In addition to this, Crusher also found the time to be a playwright and dance instructor, while maintaining an active interest in various fields of science and technology and Klingon bat’leth martial arts. Rare is there a time where we see Beverly commanding the ship, or doing anything other than assisting the other characters. When we do, she’s even more rarely challenged, either by the other characters and occasionally circumstance.
There’s two large faults with the character of Beverly Crusher, one being that she’s dangerously close to Mary Sue territory. One look at her profile on Memory Alpha would show that not only is she an exceptional doctor, she’s exceptional at most things she tries, as well as being on a first-name basis with most of the crew. However, this could easily just be a symptom of the utopianism inherent in the show’s premise, where only the “best of the best” get to be in Starfleet.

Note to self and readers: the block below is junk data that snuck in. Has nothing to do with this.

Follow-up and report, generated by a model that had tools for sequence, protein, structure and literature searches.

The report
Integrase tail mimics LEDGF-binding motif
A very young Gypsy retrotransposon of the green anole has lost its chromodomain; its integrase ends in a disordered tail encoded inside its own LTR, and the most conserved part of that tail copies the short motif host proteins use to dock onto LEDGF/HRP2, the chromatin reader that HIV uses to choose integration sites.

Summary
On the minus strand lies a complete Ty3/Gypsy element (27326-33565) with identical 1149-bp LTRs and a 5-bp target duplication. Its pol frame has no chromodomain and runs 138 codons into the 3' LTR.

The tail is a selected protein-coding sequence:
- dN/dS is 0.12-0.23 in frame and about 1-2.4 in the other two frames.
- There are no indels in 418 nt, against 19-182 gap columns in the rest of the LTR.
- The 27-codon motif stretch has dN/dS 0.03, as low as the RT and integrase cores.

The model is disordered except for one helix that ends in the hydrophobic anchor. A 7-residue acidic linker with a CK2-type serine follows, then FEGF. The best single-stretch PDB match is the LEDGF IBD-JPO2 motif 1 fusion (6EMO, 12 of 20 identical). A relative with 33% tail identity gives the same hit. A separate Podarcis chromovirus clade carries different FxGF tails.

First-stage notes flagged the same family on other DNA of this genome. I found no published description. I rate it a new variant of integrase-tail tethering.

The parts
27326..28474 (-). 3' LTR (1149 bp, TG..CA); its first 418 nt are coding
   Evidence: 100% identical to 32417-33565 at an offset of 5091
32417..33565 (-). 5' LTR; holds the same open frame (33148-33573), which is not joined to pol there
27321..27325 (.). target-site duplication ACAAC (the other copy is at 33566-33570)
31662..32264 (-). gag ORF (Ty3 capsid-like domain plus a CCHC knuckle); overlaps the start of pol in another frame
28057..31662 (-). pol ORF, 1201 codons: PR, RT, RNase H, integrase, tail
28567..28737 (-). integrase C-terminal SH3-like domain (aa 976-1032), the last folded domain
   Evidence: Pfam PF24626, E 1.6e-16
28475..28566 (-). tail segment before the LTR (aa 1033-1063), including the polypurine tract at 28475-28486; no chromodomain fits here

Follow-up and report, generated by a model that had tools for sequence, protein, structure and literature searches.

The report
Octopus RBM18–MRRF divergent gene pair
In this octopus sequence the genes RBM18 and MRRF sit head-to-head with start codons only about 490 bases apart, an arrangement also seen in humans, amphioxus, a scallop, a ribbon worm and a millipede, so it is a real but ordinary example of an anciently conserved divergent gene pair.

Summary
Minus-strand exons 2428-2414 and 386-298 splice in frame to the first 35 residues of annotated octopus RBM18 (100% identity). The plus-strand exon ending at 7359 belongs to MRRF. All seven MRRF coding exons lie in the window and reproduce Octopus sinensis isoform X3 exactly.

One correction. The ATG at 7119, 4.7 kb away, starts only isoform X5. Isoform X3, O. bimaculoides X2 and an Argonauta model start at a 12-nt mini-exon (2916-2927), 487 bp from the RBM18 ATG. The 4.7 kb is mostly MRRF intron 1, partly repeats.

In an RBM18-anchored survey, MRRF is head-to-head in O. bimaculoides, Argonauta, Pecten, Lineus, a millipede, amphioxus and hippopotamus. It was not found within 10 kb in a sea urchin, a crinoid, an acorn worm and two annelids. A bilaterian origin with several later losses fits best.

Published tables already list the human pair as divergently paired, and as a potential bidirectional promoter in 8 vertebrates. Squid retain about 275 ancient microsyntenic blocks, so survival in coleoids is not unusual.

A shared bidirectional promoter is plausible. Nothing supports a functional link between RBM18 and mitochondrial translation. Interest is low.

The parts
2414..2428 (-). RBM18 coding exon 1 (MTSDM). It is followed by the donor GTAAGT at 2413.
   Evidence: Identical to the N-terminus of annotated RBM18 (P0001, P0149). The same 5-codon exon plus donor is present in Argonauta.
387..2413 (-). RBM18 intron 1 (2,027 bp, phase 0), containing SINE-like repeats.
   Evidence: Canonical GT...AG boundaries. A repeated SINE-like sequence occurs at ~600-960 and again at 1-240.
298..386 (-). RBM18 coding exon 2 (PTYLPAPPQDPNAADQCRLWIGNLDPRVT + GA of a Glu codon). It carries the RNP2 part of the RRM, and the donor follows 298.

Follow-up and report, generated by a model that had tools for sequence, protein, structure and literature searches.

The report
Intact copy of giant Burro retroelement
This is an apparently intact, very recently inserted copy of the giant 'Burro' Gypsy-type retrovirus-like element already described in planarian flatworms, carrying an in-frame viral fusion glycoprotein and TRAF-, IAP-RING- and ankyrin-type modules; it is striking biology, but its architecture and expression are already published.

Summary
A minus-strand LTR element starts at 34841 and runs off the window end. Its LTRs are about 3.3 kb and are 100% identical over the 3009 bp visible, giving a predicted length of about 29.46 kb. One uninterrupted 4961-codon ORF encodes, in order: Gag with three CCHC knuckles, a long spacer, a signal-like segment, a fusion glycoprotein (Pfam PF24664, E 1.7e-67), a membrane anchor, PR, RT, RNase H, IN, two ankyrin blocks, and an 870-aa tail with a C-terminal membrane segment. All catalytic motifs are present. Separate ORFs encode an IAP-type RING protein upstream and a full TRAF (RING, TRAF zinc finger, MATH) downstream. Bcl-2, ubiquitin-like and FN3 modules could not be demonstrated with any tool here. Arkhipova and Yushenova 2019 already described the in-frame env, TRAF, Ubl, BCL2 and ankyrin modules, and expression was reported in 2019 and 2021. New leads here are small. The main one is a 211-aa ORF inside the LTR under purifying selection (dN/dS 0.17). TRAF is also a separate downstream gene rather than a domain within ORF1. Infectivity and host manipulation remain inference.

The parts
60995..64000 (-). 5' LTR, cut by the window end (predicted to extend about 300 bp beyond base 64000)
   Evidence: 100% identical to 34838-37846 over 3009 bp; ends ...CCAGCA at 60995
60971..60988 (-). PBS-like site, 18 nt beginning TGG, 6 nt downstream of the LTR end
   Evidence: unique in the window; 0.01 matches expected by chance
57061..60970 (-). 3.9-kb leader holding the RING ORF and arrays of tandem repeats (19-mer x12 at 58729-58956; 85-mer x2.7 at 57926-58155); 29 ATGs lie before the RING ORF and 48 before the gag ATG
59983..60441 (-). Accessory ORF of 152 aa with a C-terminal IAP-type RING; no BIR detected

The other is that her exploits are rarely the focus of any given episode, but when they are they portray Crusher as sanctimonious. This is hardly unique to her alone, especially as one of Trek’s doctor characters. In the end, however, Beverly Crusher did something that sets her apart from one of our next characters–she eventually rose above an initially shallow characterization to at least become something more, the other character never had a chance from conception.